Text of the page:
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The musical avant-garde has created a number of very long pieces of music. Morton Feldman’s String Quartet No. 2, for example, runs for around six hours; other works by the same composer last from one to four hours. La Monte Young’s Well-Tuned Piano runs around five to six hours. John Cage’s As SLow aS Possible runs from 20 to 70 minutes, but a performance underway in St. Burchardi church in Halberstadt, Germany, began in 2001 and should take about 639 years. Other long works include Erik Satie’s Vexations, which runs somewhere around 28 hours. But the latter two works are more gimmicks than anything else; Satie’s piece is merely one minute-and-a-half piece played 840 times.
Length does not equal quality, but in the area of minimalist music – this is the minimalism of sparseness, not that of repetition, such as the music of Steve Reich or Philip Glass – the listener enters a sound world that moves at a different pace from the world around them. Listening to such works – Feldman’s Piano and String Quartet is an excellent example of this – forces the listener to rethink what music is and how it is heard and experienced. I like music of this type which slows me down and makes me listen differently. In many ways, November, as with many of Morton Feldman’s works, is as much like looking at a painting as it is like listening to a work for piano. It’s beautiful music that moves in slow motion.
Dennis Johnson’s November is one such piece. It was composed in 1959, and, as Kyle Gann says in the liner notes to this new recording, “was glacially calm and meditative in the extreme.” Gann obtained a cassette tape from La Monte Young; “It was one of those thin, unreliable 120- minute cassettes, and the pitch wobbled badly.” He set out to transcribe the work, and eventually obtained a copy of the manuscript from the composer. But this score was far from perfect:
The manuscript score of November is a puzzle. It contains two pages of “motifs,” numbered first with Roman numerals and then switching to Arabic ones, often out of order, with many cross- outs, alternative possibilities, and self-questionings by the composer. These are followed by three further pages on which Johnson tried, with only partial success, to analyze his improvisation and arrive at a more exact notation. Little annotations among the notes, in the same handwriting of Johnson?s letter in An Anthology, show him cogitating on paper and rather humorously arguing with himself: “maybe replace IVb with this”; “sounds better to enter with low A#”; “maybe add low E# in first chord — NO!”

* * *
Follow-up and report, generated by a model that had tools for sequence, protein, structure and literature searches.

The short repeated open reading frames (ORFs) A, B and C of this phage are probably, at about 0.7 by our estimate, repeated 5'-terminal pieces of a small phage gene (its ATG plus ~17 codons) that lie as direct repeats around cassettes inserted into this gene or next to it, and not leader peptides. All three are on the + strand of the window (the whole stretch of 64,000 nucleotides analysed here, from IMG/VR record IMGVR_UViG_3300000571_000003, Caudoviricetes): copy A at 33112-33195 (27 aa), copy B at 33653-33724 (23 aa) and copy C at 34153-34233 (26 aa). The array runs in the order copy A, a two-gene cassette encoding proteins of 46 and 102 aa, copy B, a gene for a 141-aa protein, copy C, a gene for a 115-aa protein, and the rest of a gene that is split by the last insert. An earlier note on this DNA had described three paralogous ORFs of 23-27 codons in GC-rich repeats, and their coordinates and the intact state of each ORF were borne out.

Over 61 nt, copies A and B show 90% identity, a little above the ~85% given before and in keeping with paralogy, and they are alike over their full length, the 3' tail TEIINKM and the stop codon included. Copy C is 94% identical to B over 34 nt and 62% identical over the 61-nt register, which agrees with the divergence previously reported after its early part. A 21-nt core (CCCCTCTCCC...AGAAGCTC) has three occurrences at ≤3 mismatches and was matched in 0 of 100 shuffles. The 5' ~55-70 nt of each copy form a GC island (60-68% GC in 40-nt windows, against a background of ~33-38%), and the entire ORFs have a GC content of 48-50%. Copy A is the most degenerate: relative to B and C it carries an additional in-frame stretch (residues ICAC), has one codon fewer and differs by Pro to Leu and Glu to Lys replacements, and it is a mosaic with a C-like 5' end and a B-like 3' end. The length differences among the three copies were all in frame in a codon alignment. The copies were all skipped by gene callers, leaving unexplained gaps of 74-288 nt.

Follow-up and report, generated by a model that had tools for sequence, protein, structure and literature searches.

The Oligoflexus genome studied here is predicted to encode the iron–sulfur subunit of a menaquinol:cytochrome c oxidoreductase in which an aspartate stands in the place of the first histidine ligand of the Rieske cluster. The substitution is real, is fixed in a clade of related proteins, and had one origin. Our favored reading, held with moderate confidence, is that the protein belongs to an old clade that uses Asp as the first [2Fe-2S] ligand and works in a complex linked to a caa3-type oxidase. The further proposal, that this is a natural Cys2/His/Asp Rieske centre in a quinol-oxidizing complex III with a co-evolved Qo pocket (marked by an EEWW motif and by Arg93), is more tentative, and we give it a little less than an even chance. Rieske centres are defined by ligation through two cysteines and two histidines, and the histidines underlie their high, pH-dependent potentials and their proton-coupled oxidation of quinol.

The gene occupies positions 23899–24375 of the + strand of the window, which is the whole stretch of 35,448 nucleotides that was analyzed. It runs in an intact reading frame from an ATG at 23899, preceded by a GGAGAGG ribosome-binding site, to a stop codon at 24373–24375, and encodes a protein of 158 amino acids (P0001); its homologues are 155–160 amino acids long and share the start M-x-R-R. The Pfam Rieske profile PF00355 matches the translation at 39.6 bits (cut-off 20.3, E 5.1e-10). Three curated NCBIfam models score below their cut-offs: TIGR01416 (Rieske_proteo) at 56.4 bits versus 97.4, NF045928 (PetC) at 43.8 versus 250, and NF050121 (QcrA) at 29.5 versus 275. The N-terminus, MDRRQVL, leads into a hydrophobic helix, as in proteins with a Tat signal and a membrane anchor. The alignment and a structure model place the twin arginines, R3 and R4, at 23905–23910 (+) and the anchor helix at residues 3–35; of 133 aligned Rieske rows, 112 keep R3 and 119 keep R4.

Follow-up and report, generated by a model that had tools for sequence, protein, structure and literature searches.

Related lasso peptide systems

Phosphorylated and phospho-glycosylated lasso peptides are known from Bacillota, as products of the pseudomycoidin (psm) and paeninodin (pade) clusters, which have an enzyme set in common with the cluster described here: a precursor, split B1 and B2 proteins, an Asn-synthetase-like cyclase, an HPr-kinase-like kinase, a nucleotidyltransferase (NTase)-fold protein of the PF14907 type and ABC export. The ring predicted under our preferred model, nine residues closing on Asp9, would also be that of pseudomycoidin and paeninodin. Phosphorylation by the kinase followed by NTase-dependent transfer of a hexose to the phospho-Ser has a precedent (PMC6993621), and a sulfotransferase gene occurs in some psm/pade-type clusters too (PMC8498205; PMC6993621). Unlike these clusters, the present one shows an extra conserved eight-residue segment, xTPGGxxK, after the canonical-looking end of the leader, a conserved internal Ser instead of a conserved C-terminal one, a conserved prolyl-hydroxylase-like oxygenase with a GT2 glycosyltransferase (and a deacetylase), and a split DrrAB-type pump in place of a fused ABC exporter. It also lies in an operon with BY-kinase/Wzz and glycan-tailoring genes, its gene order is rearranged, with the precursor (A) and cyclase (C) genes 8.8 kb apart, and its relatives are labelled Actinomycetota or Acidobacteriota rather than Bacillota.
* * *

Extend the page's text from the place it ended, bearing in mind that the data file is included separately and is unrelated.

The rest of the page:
Pianist R. Andrew Lee found himself interested by the piece. “My interest was first prompted by an Everest Complex, if you will. I attended Kyle Gann and Sarah Cahill’s landmark performance in 2009, and I really enjoyed the piece. I had also heard Kyle talk about November’s importance and read his posts on the subject. I’d like to think these factors influenced my decision to try it in the first place, but, if I’m being really honest with myself, I just wanted to see if I could do it.”
This recording, just shy of five hours, takes up that gauntlet and offers to the listener a unique work of subtle music, built around recurring motifs that become familiar, similar to the work of Morton Feldman, yet with its own style.
You can listen to this work in many ways. Few are those who would sit in front of their stereos for five hours; you can listen to one disc at a time (it’s on four discs, or four files if you purchase it by download), you can listen to a half-hour or so, then move on, or you can put it on as you work, and shift from paying close attention to having it flow by in the background. I think all these options are fine, but the longer you listen to the music actively, the more it becomes a meditation.
Pianist Lee sums up his feelings about this work:
I do not play this piece because of an Everest Complex, nor do I play it even because of its incredible historical significance.
I play it because I love it.
And that’s as good a reason as any to listen to it.
Update: Listen to Kyle Gann discussing November, and hear excerpts, on this WNYC Spinning on Air show: